The only long fiction piece in this book I can legitimately recommend is “The Drill Hole In My Brain,” by Otaro Maijo. The introduction proudly proclaims that it’s “an emblematic Faust story,” which leads me to believe that whoever wrote the introduction has absolutely no idea what “emblematic” means. It’s nothing like the other stories in the volume, other than the fact that it’s about a fucked-up teenager. It starts with the protagonist getting a screwdriver shoved into his head by his mother’s murderous boyfriend, and before long the narrator is in the “world inside his head,” sharing the consciousness and identity of another boy, a world-saving superhero with a huge hole in his head. Said superhero boy likes to have “head-sex” with his girlfriend, who has a huge horn on her head, but he’s dreadfully worried that she’s going to leave him for another guy since he refuses to put his penis in her vagina. And then at some point, superhero boy grows a giant flower where his penis used to be and spends about six pages rolling on the train platform rubbing his newfound “clitoris”, spewing bubbles out of his mouth while the narrator tries to regain control of the situation.
You know, Maijo’s probably the only author in this book who doesn’t have another novel listed as coming out in English in the near future to my knowledge. Shame, that. Even if it’s probably just cribbing from much better magical realism/po-mo writers, “Drill Hole” is the most entertaining thing in this entire book, and I un-ironically want to see more of what Maijo’s done.
The shorter pieces in the book almost universally fall flat. “Yabai de Show” painfully proves the comedy truism that if you have to explain the joke, it’s not funny. “Yuya Sato’s Counseling Session,” by the titular author, is a rambling meditation on being an hikkikomori, talking about how counseling “isn’t something to be proud of” and how he’s never actually discussed his concerns or feelings with anyone. (My goodness, I think I’m sensing a trend!) In other words it’s a dumb blog post, and since to my knowledge none of the author’s other work has been translated, the piece is devoid of any sort of context. Welcome to the NHK author Tatsuhiko Takimoto also takes a whack at a “Counseling Session” essay, but it feels like a retread of that novel’s characters, with the author-surrogate protagonist replaced by the author and, like the other “Counseling Session” piece, it boils down to self-indulgent rambling. The piece concludes, paraphrasing: “if you find someone to love, then all the issues that made you a hikkikomori can be resolved!”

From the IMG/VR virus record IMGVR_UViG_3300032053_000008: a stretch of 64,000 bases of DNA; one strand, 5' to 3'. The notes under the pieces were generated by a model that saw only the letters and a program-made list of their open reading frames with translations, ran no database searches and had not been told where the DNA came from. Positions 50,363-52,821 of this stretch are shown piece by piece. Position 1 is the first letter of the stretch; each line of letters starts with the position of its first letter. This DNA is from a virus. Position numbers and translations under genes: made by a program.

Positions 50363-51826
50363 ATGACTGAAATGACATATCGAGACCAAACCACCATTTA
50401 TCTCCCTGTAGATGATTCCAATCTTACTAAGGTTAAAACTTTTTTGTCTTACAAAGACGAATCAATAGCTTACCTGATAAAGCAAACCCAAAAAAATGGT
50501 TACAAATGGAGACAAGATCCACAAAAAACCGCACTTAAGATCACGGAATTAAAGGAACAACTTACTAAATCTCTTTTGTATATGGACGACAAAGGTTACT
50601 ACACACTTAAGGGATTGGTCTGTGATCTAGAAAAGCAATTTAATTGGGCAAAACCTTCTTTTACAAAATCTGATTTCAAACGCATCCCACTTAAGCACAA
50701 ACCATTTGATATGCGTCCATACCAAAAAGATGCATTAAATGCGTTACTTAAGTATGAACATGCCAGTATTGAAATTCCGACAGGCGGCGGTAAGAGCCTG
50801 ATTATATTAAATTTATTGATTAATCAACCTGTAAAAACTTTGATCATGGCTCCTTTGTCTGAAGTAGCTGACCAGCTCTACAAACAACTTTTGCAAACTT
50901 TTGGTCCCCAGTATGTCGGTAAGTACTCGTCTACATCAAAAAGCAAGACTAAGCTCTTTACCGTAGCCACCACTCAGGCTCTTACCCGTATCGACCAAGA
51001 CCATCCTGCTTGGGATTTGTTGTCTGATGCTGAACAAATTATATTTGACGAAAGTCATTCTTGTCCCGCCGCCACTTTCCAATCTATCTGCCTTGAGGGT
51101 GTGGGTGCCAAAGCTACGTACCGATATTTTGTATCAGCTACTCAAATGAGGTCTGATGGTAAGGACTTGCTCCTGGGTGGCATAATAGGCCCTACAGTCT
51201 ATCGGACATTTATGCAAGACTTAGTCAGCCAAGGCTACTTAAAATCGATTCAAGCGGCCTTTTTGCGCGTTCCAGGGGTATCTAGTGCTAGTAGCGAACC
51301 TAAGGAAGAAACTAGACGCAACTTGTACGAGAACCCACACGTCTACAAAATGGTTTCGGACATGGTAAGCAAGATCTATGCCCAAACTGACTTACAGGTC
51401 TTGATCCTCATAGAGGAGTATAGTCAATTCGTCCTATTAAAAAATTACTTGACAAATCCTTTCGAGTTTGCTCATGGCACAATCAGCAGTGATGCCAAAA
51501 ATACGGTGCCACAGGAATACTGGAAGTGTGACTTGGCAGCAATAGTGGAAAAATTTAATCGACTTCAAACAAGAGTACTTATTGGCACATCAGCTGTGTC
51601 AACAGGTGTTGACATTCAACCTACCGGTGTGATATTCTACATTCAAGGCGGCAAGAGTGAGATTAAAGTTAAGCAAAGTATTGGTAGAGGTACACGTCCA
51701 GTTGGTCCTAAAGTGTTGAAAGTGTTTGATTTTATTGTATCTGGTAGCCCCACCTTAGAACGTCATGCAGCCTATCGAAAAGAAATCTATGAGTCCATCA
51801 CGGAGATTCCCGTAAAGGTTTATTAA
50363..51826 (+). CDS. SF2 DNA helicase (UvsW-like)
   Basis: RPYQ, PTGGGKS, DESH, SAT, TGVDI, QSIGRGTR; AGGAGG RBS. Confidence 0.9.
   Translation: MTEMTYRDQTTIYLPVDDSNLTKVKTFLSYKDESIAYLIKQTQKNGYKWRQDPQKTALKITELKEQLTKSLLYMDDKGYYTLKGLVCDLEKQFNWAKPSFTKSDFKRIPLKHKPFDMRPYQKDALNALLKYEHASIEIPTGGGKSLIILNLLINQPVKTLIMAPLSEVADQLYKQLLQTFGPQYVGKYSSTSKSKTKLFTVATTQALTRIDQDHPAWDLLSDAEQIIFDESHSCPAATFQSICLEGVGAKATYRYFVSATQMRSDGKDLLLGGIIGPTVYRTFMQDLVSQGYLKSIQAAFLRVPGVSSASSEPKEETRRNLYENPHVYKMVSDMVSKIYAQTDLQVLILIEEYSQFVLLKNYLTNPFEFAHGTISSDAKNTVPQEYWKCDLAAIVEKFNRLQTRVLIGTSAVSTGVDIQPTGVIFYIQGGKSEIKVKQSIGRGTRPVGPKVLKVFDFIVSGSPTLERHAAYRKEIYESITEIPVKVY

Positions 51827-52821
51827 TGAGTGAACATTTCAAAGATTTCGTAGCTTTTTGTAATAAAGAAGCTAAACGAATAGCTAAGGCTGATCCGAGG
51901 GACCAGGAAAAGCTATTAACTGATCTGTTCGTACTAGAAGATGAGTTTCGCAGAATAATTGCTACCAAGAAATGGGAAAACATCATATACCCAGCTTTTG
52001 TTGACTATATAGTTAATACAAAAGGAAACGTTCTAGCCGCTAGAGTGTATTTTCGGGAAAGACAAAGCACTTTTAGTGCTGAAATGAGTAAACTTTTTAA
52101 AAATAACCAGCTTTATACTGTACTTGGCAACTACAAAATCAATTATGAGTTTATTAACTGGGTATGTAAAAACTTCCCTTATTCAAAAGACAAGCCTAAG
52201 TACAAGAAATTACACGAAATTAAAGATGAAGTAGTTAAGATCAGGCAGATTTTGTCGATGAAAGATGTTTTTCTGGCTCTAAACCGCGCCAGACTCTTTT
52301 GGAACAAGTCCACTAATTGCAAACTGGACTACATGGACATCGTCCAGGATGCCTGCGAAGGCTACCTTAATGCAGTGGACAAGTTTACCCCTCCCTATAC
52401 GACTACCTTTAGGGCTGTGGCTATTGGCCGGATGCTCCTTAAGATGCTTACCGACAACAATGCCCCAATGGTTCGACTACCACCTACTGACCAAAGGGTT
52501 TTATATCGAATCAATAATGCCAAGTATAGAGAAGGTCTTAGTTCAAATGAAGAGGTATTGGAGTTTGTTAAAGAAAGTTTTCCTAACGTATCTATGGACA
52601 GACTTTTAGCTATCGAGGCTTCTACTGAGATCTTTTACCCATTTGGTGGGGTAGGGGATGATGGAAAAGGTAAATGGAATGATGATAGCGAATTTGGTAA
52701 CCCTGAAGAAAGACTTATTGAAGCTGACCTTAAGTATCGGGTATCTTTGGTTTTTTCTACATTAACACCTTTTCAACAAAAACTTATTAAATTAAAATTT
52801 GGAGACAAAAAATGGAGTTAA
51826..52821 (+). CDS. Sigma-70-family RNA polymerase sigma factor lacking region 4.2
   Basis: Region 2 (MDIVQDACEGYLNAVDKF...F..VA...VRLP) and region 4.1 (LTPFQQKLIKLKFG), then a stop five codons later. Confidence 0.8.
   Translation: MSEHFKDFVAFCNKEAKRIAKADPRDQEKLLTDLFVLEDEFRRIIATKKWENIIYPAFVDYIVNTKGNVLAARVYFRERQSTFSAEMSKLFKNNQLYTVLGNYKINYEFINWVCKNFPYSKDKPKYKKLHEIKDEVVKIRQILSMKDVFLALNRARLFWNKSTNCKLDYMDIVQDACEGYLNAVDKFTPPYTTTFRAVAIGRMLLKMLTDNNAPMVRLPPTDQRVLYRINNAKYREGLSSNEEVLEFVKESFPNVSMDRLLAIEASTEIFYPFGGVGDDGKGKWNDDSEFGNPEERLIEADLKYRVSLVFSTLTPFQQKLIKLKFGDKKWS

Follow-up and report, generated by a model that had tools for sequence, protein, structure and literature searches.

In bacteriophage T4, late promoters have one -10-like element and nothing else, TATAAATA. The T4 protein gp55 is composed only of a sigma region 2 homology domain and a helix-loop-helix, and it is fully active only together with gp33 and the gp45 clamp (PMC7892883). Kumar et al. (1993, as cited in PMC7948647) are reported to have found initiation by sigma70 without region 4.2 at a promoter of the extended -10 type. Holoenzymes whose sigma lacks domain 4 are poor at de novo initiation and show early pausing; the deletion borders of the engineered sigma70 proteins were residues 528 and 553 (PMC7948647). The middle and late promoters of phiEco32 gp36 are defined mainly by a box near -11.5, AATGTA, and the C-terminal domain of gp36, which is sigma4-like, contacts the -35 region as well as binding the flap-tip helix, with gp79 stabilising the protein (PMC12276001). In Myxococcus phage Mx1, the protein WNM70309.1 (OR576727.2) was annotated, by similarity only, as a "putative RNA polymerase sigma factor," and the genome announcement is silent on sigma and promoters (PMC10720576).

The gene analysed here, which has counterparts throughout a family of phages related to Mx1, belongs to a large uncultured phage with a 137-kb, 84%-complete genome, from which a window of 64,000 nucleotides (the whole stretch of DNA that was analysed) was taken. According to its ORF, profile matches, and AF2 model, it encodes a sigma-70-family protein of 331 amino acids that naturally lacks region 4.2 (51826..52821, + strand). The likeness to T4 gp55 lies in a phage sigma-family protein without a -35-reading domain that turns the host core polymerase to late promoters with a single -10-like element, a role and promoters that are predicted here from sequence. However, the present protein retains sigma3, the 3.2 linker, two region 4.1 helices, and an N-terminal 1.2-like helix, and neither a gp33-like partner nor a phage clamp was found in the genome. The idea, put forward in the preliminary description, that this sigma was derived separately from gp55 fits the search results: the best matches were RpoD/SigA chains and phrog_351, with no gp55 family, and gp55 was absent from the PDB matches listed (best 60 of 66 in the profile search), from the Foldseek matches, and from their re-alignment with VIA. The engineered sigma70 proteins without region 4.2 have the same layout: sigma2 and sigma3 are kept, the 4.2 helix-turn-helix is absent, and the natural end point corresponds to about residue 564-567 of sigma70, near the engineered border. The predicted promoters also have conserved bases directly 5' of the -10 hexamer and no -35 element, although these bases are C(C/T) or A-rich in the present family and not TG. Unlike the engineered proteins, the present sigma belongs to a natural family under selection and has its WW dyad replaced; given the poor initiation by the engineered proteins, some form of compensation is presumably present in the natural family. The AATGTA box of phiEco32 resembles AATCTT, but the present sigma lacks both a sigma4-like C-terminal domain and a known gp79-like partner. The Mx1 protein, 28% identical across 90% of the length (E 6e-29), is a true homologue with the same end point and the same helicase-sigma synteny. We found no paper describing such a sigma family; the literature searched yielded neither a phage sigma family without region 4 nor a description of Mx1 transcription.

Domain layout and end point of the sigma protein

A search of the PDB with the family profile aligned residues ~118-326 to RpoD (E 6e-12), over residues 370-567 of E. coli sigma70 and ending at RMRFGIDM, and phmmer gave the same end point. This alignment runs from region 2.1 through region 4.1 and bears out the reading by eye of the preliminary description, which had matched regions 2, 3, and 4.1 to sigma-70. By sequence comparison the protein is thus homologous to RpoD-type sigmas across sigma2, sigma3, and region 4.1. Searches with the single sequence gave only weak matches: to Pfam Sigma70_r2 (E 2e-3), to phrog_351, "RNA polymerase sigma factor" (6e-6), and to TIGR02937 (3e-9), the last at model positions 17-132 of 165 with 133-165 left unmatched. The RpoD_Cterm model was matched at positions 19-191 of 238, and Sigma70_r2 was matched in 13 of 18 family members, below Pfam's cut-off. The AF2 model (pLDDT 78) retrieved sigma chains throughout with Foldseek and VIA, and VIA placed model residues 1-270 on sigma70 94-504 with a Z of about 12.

“Approaching Twenty Years of Otaku” just baffles me. It’s supposed to be a survey of how the term “otaku” has been used over the past two decades, but the author quickly gets sidetracked. He makes a series of curious statements, describing an obsession with moé products and porn games as “from a woman’s perspective […] only a step away from an unhealthy interest in adult videos.” His thesis seems to be that the interest of the “otaku” in Japanese cartoons, videogames and moé are actually interests in the “incorrect,” and not interests in said nerd hobbies for their own sake. He adds that these interests may be a “deeply rooted undercurrent of Japanese society.” The essay never provides support for any of its statements–it’s only three pages long and in a Japanese young adult literary journal, after all.
Oh, I almost forgot about the other hikkikomori piece, “H People: An Evolving World” by Kozy Watanabe. The ever-helpful introduction tells us that the story “vividly describes the emotional state of a hikkikomori” — we’ll have to ask Colony Drop’s Chris for confirmation of this later. Apparently, the hikkikomori like to stay in their rooms and play videogames because there’s nothing unnecessary there — in videogames, all the objects (or people) of a given type look the same because it’s most important just to tell what they are, unlike the scary real world. But luckily, our hero has an amazing one of those head-mounted displays that can use GPS to track his position and “paint over” his vision with CG, making “unimportant people” all look the same — or entirely nonexistent — and making buildings that have no purpose for him appear as white silhouettes. Now there’s a use for augmented reality systems that you don’t see put forward very often!
It should probably concern me more that at least three of the short essays and several of the longer stories all concern young men unwilling and/or unable to confront reality or their own emotions, and certainly not to seek any sort of counseling, preferring to wallow in their misery, but it doesn’t. Guess I’m too cynical already.
The best of the short rambling works is the essay “From Japan to the World, From the World to Japan.” It’s written by blogger Yukari Shiina, a translator and agent who works to try and introduce foreign comics to the Japanese market, notably what’s sometimes called “world manga” — comics that are styled after popular Japanese comics, and the bulk of TOKYOPOP’s catalog. It’s interesting to see a Japanese perspective on the current fad(?) of Japanese comic books and popular fiction that companies like Del-Rey are happily exploiting. She’s interested in getting the various comics cultures to explore each others’ work and interact to see what sorts of work comes from the influence of foreign artists on Nipponese comics, and the influence of literary greats like Kinoko Nasu on foreign writers.
The book ends with the Japanese edition’s editor interviewing TYPE-MOON. What insights await the reader within?
TYPE-MOON Artist, Takashi Takeuchi: And isn’t the Japanese author Haruki Murakami being ranked as the literary successor to such American writers as Fitzgerald and Salinger? So maybe — in, say, ten or twenty years’ time — people will be talking about how Kinoko Nasu’s literary successor was an American writer. I, for one, hope that’s the case.
I give up. I’m going home.